Modest Legislative Reforms

Aron and I have been discussing some simple reforms that would go a long way towards reducing graft, corruption and complacency in Congress. While by no means complete, we think that they could help the average American citizen greatly by handcuffing Congress.

  1. Federal legislation shall become a zero-sum game. For each new law passed, an old one must be dropped/nullified. Make the Congresscritters choose if passing that “DMCA for the new millenium” is worth dropping some environmental protection act.
  2. The entire tax code must consist of no more than 1,000 words.
  3. “No Legislation Left Behind”: all laws passed MUST be comprehensible to a C-average graduating high school student, chosen via lottery from one of the continental 48 states. If they can’t understand it, the law must be taken back into committee where Congressmen must consult with 10 randomly-selected high school students from the D.C. public school system.

Feel free to add your own.

One Reply to “Modest Legislative Reforms”

  1. Two pet ideas of mine:
    1. The entire output of a two-year session of Congress should be limited to 600 pages, 8.5×11, 12-point Times Roman font, double spaced. This would largely eliminate special resolutions, earmarks, private legislation, and hiding new federal bureacracies inside ten-volume appropriations bills. It would also have the generally-desirable effect of forcing Congresscritters to use small words, and not too many of them.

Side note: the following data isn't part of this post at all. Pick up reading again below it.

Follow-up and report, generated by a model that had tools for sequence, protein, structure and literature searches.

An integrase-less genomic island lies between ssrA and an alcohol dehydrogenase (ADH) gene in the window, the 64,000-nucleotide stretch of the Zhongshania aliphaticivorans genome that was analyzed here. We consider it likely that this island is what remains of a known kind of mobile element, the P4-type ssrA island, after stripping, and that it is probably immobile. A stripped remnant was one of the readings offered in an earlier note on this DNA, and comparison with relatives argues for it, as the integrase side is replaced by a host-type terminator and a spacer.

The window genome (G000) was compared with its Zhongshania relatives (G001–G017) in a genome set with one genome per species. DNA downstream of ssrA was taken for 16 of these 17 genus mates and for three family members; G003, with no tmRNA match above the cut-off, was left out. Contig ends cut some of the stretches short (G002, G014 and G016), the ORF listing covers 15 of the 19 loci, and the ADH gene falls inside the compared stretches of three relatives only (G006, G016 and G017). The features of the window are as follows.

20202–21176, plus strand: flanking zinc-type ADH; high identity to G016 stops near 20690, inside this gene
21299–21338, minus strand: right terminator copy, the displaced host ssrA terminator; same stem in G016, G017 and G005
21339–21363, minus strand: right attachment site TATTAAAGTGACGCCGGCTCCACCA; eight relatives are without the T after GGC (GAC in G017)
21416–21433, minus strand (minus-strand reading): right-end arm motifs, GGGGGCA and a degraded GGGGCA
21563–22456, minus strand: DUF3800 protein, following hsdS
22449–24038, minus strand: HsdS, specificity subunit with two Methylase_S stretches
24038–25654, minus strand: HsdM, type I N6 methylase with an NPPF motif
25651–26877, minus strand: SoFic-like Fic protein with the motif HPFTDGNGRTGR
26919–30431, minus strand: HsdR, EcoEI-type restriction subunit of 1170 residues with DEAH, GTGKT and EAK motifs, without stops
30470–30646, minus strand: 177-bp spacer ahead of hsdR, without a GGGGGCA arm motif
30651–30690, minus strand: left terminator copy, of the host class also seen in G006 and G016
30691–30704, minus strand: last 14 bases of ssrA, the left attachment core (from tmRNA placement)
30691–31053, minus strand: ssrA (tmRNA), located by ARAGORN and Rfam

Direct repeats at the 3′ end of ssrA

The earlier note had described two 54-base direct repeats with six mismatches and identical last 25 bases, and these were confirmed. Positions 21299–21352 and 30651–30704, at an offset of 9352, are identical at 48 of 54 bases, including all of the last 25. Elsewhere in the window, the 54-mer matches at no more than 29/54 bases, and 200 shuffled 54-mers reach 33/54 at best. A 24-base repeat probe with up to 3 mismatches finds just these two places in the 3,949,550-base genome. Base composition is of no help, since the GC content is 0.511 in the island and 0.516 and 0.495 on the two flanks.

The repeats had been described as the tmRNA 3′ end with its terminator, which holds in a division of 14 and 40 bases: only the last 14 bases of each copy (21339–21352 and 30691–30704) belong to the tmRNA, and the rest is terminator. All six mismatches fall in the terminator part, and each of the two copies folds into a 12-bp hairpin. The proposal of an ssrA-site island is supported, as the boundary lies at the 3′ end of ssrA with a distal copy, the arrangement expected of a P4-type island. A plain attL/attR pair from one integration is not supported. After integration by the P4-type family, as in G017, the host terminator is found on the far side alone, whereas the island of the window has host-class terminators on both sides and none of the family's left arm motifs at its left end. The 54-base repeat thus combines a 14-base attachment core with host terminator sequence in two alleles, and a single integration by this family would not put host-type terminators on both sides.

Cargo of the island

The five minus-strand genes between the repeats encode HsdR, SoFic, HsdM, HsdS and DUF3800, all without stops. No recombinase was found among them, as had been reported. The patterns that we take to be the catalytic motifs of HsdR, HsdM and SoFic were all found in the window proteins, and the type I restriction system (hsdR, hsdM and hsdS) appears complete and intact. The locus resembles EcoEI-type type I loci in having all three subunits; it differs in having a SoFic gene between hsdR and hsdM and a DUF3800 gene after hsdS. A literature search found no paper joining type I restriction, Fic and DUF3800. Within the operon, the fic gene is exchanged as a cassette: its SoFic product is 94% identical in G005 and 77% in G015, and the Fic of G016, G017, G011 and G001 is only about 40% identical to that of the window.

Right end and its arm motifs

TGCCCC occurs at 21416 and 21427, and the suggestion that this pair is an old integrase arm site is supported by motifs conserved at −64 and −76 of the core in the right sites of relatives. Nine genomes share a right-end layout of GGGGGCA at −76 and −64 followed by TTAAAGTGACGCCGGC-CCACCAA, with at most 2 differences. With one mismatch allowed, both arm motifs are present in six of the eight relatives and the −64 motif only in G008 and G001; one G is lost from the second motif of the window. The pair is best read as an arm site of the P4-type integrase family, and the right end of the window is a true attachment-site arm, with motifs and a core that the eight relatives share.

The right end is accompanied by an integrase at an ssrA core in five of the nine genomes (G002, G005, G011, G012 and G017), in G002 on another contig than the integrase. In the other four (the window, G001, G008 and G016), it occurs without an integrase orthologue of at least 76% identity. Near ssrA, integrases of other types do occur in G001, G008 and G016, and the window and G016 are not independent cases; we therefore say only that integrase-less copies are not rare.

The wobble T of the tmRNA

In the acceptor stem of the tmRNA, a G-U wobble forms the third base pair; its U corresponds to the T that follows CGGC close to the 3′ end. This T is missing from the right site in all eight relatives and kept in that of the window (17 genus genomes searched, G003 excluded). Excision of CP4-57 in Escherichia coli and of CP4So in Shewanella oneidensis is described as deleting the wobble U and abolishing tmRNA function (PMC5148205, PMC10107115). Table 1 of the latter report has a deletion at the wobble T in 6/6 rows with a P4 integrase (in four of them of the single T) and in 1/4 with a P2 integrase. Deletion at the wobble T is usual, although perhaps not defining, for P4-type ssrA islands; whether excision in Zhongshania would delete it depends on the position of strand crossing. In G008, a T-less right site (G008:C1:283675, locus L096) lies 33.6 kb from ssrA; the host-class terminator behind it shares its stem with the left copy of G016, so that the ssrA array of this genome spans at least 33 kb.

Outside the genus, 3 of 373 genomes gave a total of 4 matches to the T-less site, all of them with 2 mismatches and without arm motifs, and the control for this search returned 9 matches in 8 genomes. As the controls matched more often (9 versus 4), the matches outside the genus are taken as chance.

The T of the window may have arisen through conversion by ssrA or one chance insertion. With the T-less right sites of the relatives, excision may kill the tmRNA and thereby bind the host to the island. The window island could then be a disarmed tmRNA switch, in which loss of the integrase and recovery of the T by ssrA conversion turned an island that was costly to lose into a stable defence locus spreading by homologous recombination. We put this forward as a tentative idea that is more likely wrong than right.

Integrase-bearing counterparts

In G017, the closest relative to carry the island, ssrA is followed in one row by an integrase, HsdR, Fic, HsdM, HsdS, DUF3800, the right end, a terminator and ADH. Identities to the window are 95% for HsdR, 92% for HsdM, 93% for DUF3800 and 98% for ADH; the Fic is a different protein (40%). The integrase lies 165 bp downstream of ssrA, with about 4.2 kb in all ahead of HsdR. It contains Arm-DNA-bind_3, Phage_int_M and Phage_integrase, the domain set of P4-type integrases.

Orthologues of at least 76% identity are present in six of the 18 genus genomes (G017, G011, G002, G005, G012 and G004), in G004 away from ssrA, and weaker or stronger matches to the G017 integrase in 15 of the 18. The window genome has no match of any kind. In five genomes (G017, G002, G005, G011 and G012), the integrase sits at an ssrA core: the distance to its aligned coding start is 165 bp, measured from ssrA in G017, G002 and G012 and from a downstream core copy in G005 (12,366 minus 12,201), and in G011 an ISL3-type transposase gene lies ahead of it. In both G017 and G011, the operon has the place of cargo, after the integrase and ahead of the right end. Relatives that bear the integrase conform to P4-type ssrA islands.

2. For every law passed, an independent testing agency shall create a standardized test to establish whether a person has read and understood the legislation. This test shall be created as a part of (although separate from) the drafting of the bill, and before any legislator can vote for the bill, they have to pass the test. They are permitted to vote against the bill without having to take the test. All attempts at the test and individual scores are published immediately. (As a second part of this, the collected tests from a session should also be given to judges, peace officers, and anyone else who enforces the law, as part of continuing legal education. Failure to pass all of the tests should mandate a period of re-training prior to resuming normal employment.)

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